The “Too much” side is a no-brainer: every gamer who loathes fan-service in any way, shape or form will obviously avoid that game at all costs, possibly slandering it in the process and raging against developers who use dirty tricks to force their games on people. These gamers may miss an excellent Beat’em Up in the process, but they will abide by their own moral rules about gaming. Then, you have the gamers who are mildly disturbed by fan-service: they may buy the game and play it, but they will do so with a grimace of distaste and will cringe regularly at the sight of the fan-servicy bits, which will make the game an underwhelming experience in their eyes instead of the blast it could have been. 

But there is also the “Too little” side. A gamer who openly bought this game for the fan-service may ultimately be disappointed by how tame the fan-service actually is, and may feel that there is not nearly enough of it to satisfy their peeping urges. For every five seconds of risqué bits, you have to trudge through dozens of minutes of demanding fighting, which is hardly conducive to titillation. The ridiculously salacious European box, with its raunchy cover art and dirty innuendos in the game’s description, may be blamed for ramping up expectations way too high: anyone who expects a similar level of lewdness in the game is in for a huge letdown. I never came across any complaints regarding that particular point—gamers are usually busy arguing if such a game should have the right to exist in the first place—but I’d wager that some people have been disappointed, even though they were not vocal about it. Heck, even I was nearly disappointed that SKB was not as lascivious as it promised to be, despite the fact that I don’t care one bit about fan-service in games.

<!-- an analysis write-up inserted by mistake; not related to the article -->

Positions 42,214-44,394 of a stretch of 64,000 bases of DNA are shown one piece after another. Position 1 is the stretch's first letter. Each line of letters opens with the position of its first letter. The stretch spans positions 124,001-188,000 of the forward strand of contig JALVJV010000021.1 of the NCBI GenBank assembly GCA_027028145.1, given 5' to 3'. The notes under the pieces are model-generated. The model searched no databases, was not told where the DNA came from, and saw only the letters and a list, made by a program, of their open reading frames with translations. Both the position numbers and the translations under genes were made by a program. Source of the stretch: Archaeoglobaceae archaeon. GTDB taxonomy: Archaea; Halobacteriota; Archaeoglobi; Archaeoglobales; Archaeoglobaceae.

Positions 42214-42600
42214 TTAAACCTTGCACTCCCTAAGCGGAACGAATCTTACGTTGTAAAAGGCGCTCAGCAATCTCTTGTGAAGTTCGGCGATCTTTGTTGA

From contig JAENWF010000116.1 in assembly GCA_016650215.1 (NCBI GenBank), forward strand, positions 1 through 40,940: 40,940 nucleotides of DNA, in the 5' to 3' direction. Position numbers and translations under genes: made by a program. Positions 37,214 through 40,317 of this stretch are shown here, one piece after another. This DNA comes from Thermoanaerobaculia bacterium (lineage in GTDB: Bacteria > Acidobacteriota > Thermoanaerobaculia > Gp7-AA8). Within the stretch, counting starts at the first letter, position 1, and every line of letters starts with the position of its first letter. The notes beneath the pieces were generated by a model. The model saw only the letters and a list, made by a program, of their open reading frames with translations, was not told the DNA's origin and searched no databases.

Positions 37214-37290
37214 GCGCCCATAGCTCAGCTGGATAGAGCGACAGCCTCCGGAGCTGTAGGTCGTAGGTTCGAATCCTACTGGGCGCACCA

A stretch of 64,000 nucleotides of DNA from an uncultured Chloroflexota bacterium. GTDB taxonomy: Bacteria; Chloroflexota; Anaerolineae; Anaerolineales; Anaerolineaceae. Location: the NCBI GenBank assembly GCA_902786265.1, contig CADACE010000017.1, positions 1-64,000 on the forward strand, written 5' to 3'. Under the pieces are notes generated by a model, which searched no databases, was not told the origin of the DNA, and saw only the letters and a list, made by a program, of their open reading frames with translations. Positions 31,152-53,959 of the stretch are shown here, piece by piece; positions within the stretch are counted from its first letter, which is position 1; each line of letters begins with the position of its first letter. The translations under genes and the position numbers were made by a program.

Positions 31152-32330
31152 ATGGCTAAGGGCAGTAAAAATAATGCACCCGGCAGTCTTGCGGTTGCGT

This leads us to a striking conclusion: it's very likely that the gamers who will be the most satisfied and at ease with the fan-service involved in SKB are the gamers who do not care about fan-service either way. I am one of these, my stance towards fan-service being similar to my stance towards gorgeous graphics: they will never be the main reason why I purchase a game, but if they don’t hinder the gameplay nor steal resources that should have been allotted to it, then I’m perfectly fine with them and can even appreciate them if they are to my retina’s liking. And sure enough, I loved SKB and would be ready to praise it without the slightest hint of shame. There’s some biting irony at work here, and that irony colors with sadness when one ponders that for all the attention it drew to the game at the time of its release, this campy fan-service coating may well taint its legacy on the long run. Risqué games may create an uproar when they land on shelves, but they never reach a cult classic status or enter any gaming hall of fame: as time goes on, they become a curiosity, something to giggle at, sneer at or shake your head at with a rueful smile, but certainly not something to play, let alone love. Any gamer knows Cluster’s Revenge, but no gamer would call it a cult classic or even a remotely good game. SKB will probably follow the same path and be remembered only as “this game that let you ogle at female bits in 3D”, without the slightest mention of how excellent a Beat’em Up it is. That’s a pity and a shame, really. 

However, that will not prevent me from being fond of Senran Kagura Burst and replaying it in the future. This is a fantastic Beat’em Up, and if you’re a fan of the genre and can stomach the fan-service, I would most definitely recommend it. I would not recommend it to someone who wants to get loads of fan-service first and foremost, not try to convince anyone who hates fan-service to give it a try for the sake of its other qualities; there are tons of eroge and fan-service-free Beat’em Ups out there that are bound to satisfy such gamers way better than SKB could. I will certainly take a look at the subsequent entries, all the more so as the Beat’em Up genre is not exactly at its peak these days: an ongoing Beat’em Up series with several games under its belt is nothing to be sniffed at, and I can only hope that the other Senran games will turn out to be as excellent as Senran Kagura Burst, maybe even stepping as far as correcting their elder’s flaws. Thanks for reading, and be my guest anytime!

No comments:

Post a Comment